Intravenous Anesthesia Provides Optimal Surgical Conditions During Microscopic and Endoscopic Sinus Surgery
Article first published online: 2 JAN 2009
Copyright © 2003 The Triological Society
Volume 113, Issue 8, pages 1369–1373, August 2003
How to Cite
Eberhart, L. H. J., Folz, B. J., Wulf, H. and Geldner, G. (2003), Intravenous Anesthesia Provides Optimal Surgical Conditions During Microscopic and Endoscopic Sinus Surgery. The Laryngoscope, 113: 1369–1373. doi: 10.1097/00005537-200308000-00019
- Issue published online: 2 JAN 2009
- Article first published online: 2 JAN 2009
- Manuscript Accepted: 3 APR 2003
- Surgical conditions;
- microscopic and endoscopic sinus surgery;
- intravenous anesthesia;
- balanced anesthesia;
- controlled hypotension
Objectives/Hypothesis Controlled hypotension is used to improve surgical conditions during microscopic and endoscopic sinus surgery. New short-acting anesthetics such as propofol and remifentanil allow exact control of intraoperative blood pressure and thus might be valuable tools to improve intraoperative conditions for the otorhinolaryngological surgeon. Intravenous anesthesia was compared with traditional balanced anesthesia by subjective assessment of surgical conditions made by two experienced otorhinolaryngological surgeons.
Study Design Prospective, randomized, patient- and observer-blinded study.
Methods Ninety consecutive patients were randomly assigned to receive intravenous anesthesia with propofol 5 to 8 mg·kg−1·h−1 and remifentanil 10 to 30 μg·kg−1·h−1 or with isoflurane (0.4–1.0 vol%) and repetitive doses of 0.5 to 1 mg alfentanil. An injectable vasodilator was used in both groups to keep mean arterial pressure between 60 and 70 mm Hg (8–9.3 hecto-pascal). The attending otorhinolaryngological surgeon was unaware of the type of anesthesia administered. Immediately after the operation the surgeons rated surgical conditions (bleeding from the surgical field) on a visual analogue scale (0–10 cm) and on a verbal rating scale.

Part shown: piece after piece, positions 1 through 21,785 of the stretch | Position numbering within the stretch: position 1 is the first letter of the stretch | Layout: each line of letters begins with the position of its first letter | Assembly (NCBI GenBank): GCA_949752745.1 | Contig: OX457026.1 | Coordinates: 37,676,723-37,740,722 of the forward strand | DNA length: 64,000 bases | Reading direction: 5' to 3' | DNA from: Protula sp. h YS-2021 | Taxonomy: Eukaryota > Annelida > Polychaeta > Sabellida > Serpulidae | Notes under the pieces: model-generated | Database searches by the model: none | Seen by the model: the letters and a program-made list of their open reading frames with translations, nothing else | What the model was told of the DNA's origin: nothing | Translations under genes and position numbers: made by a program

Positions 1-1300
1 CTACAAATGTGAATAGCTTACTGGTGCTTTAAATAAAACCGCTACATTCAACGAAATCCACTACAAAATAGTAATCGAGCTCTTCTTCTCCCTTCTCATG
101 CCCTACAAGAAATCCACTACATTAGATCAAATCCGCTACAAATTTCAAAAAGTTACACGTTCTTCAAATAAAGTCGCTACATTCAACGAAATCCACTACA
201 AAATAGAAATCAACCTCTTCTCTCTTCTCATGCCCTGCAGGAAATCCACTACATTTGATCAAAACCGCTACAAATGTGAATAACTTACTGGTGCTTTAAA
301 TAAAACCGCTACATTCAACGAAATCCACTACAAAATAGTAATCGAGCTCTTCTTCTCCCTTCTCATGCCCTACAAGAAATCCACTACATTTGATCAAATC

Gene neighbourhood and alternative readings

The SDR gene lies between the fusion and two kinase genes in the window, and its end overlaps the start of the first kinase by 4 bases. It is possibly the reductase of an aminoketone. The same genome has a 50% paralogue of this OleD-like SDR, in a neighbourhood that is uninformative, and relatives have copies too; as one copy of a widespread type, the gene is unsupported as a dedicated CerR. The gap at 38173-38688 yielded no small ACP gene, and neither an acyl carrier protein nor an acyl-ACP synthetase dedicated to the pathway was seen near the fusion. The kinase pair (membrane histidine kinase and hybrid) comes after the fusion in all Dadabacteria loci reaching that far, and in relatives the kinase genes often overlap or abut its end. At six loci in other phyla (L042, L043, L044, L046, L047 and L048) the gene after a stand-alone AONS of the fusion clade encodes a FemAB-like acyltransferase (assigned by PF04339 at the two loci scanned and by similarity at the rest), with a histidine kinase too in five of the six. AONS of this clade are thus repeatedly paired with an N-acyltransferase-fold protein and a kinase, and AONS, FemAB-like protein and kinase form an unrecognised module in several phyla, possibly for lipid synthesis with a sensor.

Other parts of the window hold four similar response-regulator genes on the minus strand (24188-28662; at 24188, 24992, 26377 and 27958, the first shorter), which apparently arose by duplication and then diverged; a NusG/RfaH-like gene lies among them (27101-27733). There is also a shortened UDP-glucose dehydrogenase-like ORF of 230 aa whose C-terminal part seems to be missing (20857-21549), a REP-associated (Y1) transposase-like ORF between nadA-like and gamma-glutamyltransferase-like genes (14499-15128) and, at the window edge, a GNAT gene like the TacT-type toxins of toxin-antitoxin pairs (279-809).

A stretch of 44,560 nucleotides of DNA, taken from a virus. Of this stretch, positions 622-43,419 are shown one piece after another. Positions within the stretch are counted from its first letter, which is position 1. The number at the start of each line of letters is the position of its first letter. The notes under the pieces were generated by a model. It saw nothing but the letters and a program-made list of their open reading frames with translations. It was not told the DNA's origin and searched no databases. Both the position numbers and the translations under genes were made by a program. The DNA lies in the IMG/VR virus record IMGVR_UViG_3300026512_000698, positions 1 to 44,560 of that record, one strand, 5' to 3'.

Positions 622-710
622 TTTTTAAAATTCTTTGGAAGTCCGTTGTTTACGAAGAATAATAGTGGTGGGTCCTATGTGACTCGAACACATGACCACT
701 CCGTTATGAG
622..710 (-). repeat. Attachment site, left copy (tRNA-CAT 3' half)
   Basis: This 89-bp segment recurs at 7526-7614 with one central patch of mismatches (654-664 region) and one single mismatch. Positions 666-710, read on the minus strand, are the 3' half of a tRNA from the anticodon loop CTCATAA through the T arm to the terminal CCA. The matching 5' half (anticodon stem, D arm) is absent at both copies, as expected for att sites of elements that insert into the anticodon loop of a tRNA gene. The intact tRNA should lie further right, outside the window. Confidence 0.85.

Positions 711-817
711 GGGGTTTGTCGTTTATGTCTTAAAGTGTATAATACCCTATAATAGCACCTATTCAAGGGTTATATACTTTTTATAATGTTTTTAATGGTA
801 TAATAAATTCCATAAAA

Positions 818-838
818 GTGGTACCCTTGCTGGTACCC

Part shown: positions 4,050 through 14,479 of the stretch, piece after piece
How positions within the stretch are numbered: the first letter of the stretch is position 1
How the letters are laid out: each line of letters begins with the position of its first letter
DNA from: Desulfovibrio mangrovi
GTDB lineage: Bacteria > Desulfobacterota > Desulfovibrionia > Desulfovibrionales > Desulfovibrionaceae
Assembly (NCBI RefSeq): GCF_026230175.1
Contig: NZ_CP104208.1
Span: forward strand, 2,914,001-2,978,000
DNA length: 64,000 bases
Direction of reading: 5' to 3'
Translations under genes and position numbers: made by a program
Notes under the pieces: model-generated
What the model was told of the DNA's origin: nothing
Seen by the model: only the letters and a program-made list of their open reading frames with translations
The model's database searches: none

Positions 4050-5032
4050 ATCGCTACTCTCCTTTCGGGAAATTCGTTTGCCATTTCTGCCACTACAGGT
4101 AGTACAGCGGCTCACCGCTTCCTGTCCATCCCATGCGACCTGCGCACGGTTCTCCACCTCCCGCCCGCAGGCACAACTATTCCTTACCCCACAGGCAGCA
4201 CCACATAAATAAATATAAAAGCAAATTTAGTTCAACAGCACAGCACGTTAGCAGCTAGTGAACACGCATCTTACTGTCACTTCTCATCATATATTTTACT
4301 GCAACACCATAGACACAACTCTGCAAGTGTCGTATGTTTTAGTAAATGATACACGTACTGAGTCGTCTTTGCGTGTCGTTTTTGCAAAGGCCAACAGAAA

Results Blood pressure was not different between the two groups, but heart rate was lower in the intravenous anesthesia group (mean heart rate in the intravenous anesthesia group, 62 beats per min [95% confidence interval, 52–72]; mean heart rate in the balanced anesthesia group, 75 beats per min [95% confidence interval, 67–83]). Surgical conditions were rated to be significantly better (P <.0001) during anesthesia with propofol-remifentanil (median rating: 2.8; 25th/75th per-centile: 2.0/3.4) compared with isoflurane-alfentanil (median rating: 4.9; 25th/75th percentile: 3.6/7.6).
Conclusions Intravenous anesthesia using propofol-remifentanil provides better surgical conditions compared with a traditional balanced anesthesia technique using isoflurane-alfentanil. It is hypothesized that lower cardiac output caused by decreased heart rate during deep general anesthesia is responsible for this result.